It is very important for webmasters to keep watch on their site’s speed because this is one of the things major search engines like Google consider when ranking websites in search results pages. They give this factor a great weight in order to keep users happy. They rank fast websites higher so that when users click on them, they won’t be turned off by the long wait for the site to load.
If search engines find your site and 3 million others all with equal other factors – backlinks, social signals, age, PR, domain authority, etc. – for a certain search term, page load time could be the only thing that will give your site advantage over the rest of the other 3 million.
So even the slightest improvement of page load time on your site could mean thousands of dollars in additional revenues for your site due directly to improved SEO. You get what I mean – improved site speed = improved SEO = better search engine rankings = more traffic = more money!
How to know your site’s load time
You need to have some idea about this first before thinking of improving your site’s speed and lowering page load time. There are lots of tools available online for you to get this info for your site but the simplest and easiest that I found is in Google Analytics.
If you aren’t using Google Analytics yet to monitor your website and gather stats, I recommend you start so. It’s free to signup and use the service, and you’ll get tons of valuable info about your site and your visitors that you’d otherwise have no idea about. Then you can use these info to decide on which parts of your site you have to improve. And one of the important info you’ll get here is the load time of pages on your site.
If you already have GA installed on your site, you can login to your GA account and go to the Reporting section for your website. Under Standard Reports, open Content >> Site Speed.
If you have just installed the Google Analytics code on your site, you might not have data shown here yet. It takes a few days before you will see stats on this page. When you do, on this tab you will find page load time data for the pages on your site that have been tested by Google. Give particular attention to the Page Timings part.
And if you go to Speed Suggestions, you can click the links in the column Page Speed Suggestions to find out more information on how you can improve load time for pages on your website.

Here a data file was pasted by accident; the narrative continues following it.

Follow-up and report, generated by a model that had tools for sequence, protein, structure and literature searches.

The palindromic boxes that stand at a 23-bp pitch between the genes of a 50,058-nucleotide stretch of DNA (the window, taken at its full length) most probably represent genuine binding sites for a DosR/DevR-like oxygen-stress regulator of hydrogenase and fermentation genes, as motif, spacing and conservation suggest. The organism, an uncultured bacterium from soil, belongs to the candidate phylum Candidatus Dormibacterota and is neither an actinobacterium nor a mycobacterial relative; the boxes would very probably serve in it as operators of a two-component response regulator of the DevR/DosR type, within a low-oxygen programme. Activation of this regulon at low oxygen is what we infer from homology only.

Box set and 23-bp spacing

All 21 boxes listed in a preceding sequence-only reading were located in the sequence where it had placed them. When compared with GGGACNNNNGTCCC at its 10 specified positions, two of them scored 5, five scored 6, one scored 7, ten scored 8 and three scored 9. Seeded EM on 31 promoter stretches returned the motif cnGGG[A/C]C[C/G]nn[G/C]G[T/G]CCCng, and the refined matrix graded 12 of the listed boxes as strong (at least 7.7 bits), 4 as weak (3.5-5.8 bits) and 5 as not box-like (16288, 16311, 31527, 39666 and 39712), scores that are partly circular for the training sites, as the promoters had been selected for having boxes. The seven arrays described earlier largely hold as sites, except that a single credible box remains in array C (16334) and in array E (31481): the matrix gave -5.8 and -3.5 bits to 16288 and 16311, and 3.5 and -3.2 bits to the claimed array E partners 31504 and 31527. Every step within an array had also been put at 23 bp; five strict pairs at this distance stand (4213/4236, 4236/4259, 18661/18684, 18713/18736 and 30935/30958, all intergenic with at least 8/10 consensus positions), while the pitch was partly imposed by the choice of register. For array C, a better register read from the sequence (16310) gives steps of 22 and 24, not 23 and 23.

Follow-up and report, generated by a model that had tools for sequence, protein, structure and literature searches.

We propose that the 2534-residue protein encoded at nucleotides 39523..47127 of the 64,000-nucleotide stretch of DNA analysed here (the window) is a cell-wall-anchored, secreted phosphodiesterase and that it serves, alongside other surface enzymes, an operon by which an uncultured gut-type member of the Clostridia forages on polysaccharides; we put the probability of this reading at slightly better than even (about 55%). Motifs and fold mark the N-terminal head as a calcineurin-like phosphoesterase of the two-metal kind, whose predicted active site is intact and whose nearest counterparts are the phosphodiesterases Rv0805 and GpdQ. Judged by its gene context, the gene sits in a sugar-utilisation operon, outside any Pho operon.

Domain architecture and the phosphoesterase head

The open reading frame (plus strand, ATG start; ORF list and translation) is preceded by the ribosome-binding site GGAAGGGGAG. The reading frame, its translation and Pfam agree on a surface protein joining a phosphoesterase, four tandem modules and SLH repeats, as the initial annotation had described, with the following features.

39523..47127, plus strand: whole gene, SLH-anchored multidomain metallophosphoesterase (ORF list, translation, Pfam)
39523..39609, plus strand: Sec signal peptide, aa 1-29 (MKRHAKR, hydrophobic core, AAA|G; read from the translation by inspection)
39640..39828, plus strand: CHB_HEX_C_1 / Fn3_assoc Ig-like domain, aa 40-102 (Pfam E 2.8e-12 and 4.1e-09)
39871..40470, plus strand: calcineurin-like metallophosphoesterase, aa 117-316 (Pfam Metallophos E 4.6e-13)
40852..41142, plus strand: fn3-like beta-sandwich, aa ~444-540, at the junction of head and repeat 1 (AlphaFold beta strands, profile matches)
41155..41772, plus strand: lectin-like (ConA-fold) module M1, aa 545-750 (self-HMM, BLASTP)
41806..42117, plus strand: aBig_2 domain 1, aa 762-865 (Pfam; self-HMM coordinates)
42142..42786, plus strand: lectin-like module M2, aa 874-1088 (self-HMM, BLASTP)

You can also manually get page speed info one by one for each of the pages on your site by going directly to Google’s PageSpeed Insights. Using this tool, you will get a list of things you can do to improve your site’s load time. But I have to admit, this list will not be of much help to you if you have no idea how to implement them.
Speed up your website the easier way
Good thing Google is introducing their new service – PageSpeed. It takes a great load off of webmasters in speed optimization for their websites. It enables even beginner site owners to improve their website’s performance without having to learn a lot of technical stuff.
Right now they are still offering it for free, on an invite-only basis. It says on its signup page that it only has a limited free trial but they haven’t actually announced yet the pricing for this service or when they are going to start charging people for this.
If you’d like to try this for your website, you can signup and submit your website for approval. You will have to wait at least a day for their reply after submitting your request to try it out. When they approve your request, you will receive an email from firstname.lastname@example.org containing your invitation link to use the service.
After getting approved, the first step to using it is adding your website domain to the service. Simple.
After that, the next steps involve adding a new CNAME record to the DNS file for your domain. Now the exact steps on how to do this, varies from registry to registry or hosting provider. You should be able to get the exact procedure on doing this from your domain registrar or hosting provider.
As of now, they only support websites using the full domain, with the “www”. If you are currently using the bare domain (ex:
http://yoursite.com) as the main/preferred address to your site and its inner pages, you will have to change that. You will have to implement a 301 redirect to your full domain url with the www, as in:
http://www.yoursite.com. Don’t worry, below I’ve included Google’s video instructions on doing this. Your hosting provider or registrar should also have instructions for this.
How it works
This way, you won’t have to do all the minification of scripts, compressions, scaling of images and all that dizzying stuff yourself. Plus, these content will be served from their content delivery network (CDN) of servers around the world. The server that is closest to the user accessing your site will be the one that will deliver these parts of your site to the user. This will take a great load off of your actual server, so it will be a lot faster compared to serving it straight from your own – especially when you’re still on a budget and using a shared hosting service.
If you’re not yet using a CDN for your website or a similar service like this one, I encourage you to give it a try. There’s nothing to loose, the service is still free right now and there’s not a lot of changes you need to do in order to get this implemented, nor will there be should you choose to stop using it. It will just be a matter of removing that CNAME that you add to your DNS file as described above.
You can leave your feedback in the comments below.. or if you have any questions you want to ask, you can also shoot them as comments below.